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And from the

December 20, 2008

latest CAUT Bulletin 55.10 (Dec./08):

  • Tenured Faculty or Endangered Species?” Review of How the University Works: Higher Education and the Low-Wage Nation, Marc Bousquet (NY: NYU Press, 2008), by Doug Lorimer: an excellent overview of Bousquet’s contention that the academy has fundamentally changed, after which Lorimer goes on to discuss some of Bousquet’s arguments in a Canadian context:

The designers of the new academy are a corps of professional managers. Their model of the university does not draw upon the traditions of the academy, but adopts the style of corporate management. This corporate style at best views the conventions of the academy as inefficient. At worst, it is actively hostile to academic freedom and collegial governance.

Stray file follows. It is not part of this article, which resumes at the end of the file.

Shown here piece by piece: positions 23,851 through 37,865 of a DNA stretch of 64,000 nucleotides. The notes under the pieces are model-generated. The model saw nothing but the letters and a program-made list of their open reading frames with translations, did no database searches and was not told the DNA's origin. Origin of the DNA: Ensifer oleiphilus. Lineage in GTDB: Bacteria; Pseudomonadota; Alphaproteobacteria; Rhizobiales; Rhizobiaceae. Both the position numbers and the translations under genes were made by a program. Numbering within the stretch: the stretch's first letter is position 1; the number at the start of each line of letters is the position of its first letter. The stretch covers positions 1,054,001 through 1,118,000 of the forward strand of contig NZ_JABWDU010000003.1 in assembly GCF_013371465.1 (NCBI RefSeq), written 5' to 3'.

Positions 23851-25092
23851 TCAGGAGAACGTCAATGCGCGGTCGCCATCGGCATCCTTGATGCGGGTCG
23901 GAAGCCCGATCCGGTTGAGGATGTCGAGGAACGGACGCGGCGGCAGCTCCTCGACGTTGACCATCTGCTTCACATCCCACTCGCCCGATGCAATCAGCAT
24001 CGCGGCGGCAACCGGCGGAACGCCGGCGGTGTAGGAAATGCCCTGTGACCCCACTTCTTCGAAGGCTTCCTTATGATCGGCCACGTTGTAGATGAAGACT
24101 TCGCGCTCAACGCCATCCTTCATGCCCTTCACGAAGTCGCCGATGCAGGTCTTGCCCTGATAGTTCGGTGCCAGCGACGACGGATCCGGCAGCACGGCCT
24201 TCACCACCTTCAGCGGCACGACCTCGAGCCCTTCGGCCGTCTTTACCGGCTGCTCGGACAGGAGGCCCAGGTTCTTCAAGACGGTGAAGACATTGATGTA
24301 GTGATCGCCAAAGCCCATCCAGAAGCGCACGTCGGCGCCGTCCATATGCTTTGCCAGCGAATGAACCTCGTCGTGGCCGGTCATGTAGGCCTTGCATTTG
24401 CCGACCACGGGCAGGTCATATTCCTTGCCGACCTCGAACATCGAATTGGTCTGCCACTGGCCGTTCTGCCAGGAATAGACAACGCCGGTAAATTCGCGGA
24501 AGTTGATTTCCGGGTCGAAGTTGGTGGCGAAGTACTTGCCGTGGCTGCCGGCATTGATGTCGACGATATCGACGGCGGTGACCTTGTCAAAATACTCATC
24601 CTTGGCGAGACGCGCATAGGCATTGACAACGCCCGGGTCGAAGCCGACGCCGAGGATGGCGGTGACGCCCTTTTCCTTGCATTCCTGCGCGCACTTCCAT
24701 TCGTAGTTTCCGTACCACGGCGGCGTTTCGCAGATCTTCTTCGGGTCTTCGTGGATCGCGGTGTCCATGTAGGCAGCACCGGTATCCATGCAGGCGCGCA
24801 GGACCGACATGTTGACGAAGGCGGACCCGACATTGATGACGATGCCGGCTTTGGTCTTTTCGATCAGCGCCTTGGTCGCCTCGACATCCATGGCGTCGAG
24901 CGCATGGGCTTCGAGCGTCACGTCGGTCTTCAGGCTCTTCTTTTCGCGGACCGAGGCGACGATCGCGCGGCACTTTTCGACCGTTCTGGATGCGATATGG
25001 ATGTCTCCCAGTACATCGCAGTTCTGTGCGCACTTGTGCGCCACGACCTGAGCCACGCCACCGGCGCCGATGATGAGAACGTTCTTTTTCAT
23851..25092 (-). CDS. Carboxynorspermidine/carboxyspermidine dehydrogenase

• Why Academics Strike,” Jim Clark: framed as an explanation to his mother as to why people with pretty good jobs still sometimes go on strike:

Although such financial considerations can occasionally precipitate a strike, it generally takes some additional matter of principle to lead faculty to walk the picket line. Among the foremost in importance are those involving academic freedom, which seems under threat from numerous angles these days.

The Conservative government’s reinforcement of corporate and governmental research and development agendas represents a bias in favour of capital. But the more fundamental problem is that it fa­vours the inherently short-term and opportunistic needs of business and government over the long-term needs of science, the arts and humanities and society itself.

On the human rights front:


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